Geology and Scenery of the White Rock Area
By J.A. Colwell & S.A. Ferguson
LOCATION - White Rock, southwest of Wolfville in the Gaspereau Valley.
ROUTE - Go south on Gaspereau Avenue toward Gaspereau, turning right onto the White Rock road. Continue west to the intersection in White Rock. Turn south and go downhill to the bridge, parking on the left just after crossing the bridge. A footpath leads along the south side of the Gaspereau River to the Hellsgate powerhouse, the lowermost of three hydro power stations on the Black River.
DESCRIPTION - There is a scenic view along White Rock Pond from the parking area. A small outcrop of Silurian (about 420 million years) Kentville slate lies at the south side of the parking area . Along the path are large exposures of White Rock quartzite, with occasional small quartz veins. Bedding is not apparent in the quartzite, but there is a small outcrop of slate with nearly vertical bedding just west of the footbridge over the Black River. A second, older quartzite unit can be seen at and south of the footbridge. There is a larger outcrop of the second unit on the east side of the Black River near the power station, followed upriver by Halifax slate.
The White Rock quartzite is more resistant to erosion than other rock types and exposures are common in the vicinity. It is commonly used in buildings in the area, including several on the Acadia University campus (War Memorial Gymnasium, Horton House), although blocks are very irregular in shape. The fresh rock is gray in colour, but most surfaces exhibit the reddish hematitic (iron oxide) stain that coats fractures. Several small quarries may be found north, east and west of White Rock .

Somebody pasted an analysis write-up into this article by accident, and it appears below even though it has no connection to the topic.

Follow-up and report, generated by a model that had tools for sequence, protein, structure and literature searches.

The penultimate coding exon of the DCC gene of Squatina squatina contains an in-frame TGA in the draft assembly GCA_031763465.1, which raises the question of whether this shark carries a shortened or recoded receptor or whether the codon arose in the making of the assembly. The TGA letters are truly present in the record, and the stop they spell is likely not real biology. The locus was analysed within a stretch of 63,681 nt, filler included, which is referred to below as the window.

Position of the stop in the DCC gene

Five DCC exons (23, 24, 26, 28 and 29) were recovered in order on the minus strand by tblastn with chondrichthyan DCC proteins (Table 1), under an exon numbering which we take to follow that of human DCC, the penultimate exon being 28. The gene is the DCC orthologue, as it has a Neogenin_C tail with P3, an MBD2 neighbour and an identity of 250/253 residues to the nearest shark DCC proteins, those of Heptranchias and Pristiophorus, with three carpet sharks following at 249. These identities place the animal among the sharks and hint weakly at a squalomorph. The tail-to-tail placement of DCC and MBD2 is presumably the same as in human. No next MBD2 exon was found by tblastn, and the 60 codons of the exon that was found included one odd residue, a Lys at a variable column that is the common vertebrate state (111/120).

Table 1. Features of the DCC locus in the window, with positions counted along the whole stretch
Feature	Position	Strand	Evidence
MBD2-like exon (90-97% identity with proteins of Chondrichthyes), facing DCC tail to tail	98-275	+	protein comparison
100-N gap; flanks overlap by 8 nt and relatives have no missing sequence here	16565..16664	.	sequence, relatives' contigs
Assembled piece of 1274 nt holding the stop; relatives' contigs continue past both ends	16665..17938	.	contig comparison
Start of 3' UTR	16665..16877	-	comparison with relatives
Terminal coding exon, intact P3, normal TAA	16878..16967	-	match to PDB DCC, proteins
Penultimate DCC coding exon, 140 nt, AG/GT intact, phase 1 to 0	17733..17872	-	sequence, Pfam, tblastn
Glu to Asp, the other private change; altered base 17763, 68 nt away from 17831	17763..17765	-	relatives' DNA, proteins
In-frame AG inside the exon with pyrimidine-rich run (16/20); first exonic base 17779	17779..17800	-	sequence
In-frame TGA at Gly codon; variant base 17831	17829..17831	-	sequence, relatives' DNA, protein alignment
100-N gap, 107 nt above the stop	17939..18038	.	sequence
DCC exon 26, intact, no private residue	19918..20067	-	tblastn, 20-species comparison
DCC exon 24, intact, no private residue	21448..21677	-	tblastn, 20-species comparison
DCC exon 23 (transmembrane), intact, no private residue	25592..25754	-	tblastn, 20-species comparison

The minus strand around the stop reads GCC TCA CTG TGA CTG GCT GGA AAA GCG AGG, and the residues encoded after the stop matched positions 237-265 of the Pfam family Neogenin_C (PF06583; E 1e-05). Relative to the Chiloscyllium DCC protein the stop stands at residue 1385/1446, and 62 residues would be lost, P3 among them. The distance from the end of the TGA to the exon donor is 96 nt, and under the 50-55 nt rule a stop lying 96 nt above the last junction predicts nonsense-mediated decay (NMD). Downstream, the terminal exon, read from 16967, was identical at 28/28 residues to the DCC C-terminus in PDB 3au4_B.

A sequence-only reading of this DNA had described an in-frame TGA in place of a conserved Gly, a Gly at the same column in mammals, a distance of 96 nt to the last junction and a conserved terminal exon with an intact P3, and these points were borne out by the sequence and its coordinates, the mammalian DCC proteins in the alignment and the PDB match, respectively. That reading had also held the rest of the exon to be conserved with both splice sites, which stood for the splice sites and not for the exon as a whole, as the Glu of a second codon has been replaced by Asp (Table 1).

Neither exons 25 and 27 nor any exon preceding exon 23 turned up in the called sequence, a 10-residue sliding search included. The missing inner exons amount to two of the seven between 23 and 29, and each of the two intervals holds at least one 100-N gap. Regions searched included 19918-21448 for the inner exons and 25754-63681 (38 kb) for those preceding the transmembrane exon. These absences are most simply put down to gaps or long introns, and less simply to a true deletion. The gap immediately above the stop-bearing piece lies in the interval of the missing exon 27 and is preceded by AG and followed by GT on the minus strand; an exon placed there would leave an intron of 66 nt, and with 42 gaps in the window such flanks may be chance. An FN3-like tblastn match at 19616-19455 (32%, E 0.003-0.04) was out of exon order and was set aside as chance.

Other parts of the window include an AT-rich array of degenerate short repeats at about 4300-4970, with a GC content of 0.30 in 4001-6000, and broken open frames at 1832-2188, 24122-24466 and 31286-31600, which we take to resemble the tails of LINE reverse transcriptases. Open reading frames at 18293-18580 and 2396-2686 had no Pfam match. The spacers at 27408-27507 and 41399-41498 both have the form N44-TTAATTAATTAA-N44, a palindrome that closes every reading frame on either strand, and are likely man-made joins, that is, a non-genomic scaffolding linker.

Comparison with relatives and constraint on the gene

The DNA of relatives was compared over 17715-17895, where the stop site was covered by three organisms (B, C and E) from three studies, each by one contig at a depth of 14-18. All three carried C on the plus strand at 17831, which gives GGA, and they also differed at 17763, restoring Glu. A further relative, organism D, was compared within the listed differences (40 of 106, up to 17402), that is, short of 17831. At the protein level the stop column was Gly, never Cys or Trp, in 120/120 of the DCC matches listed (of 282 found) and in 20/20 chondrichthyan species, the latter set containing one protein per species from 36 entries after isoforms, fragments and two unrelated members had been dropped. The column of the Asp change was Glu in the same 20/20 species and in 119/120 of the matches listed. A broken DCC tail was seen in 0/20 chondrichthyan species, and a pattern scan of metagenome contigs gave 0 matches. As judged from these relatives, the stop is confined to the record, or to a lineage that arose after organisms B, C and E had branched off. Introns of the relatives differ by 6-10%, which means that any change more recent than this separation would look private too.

White vein quartz, often used with the quartzite, as in the wall around the old graveyard in Wolfville, was obtained here as well (sites now largely overgrown).
The erosion resistance of the quartzite has led to the capture of the Black River by the Gaspereau River. As will be apparent from the map, if you were to return to the parking area and drive north through White Rock, continuing north on the winding Deep Hollow Road, you would be following the former route of the Black River. The resistance of quartzite and slate north of White Rock allowed the Gaspereau River, eroding its way from the east, to provide a lower outlet and thus capture the Black River.
Return to Wolfville by tracing the old route of the Black River northward. The large quartzite outcrop just north of White Rock was an obvious impediment to the River. The former Horton District High School, at the intersection with Highway 1, is built on the former delta of the Black River. Turn right and follow Highway 1 to Wolfville.
John A. Colwell and Stewart A. Ferguson, Department of Geology, Acadia University, Wolfville, Nova Scotia 1992
Prepared for the Geological Association of Canada and Mineralogical Association of Canada Joint Annual Meeting in Wolfville, Nova Scotia. May 25-27, 1992; meeting hosted by the Atlantic Geoscience Society.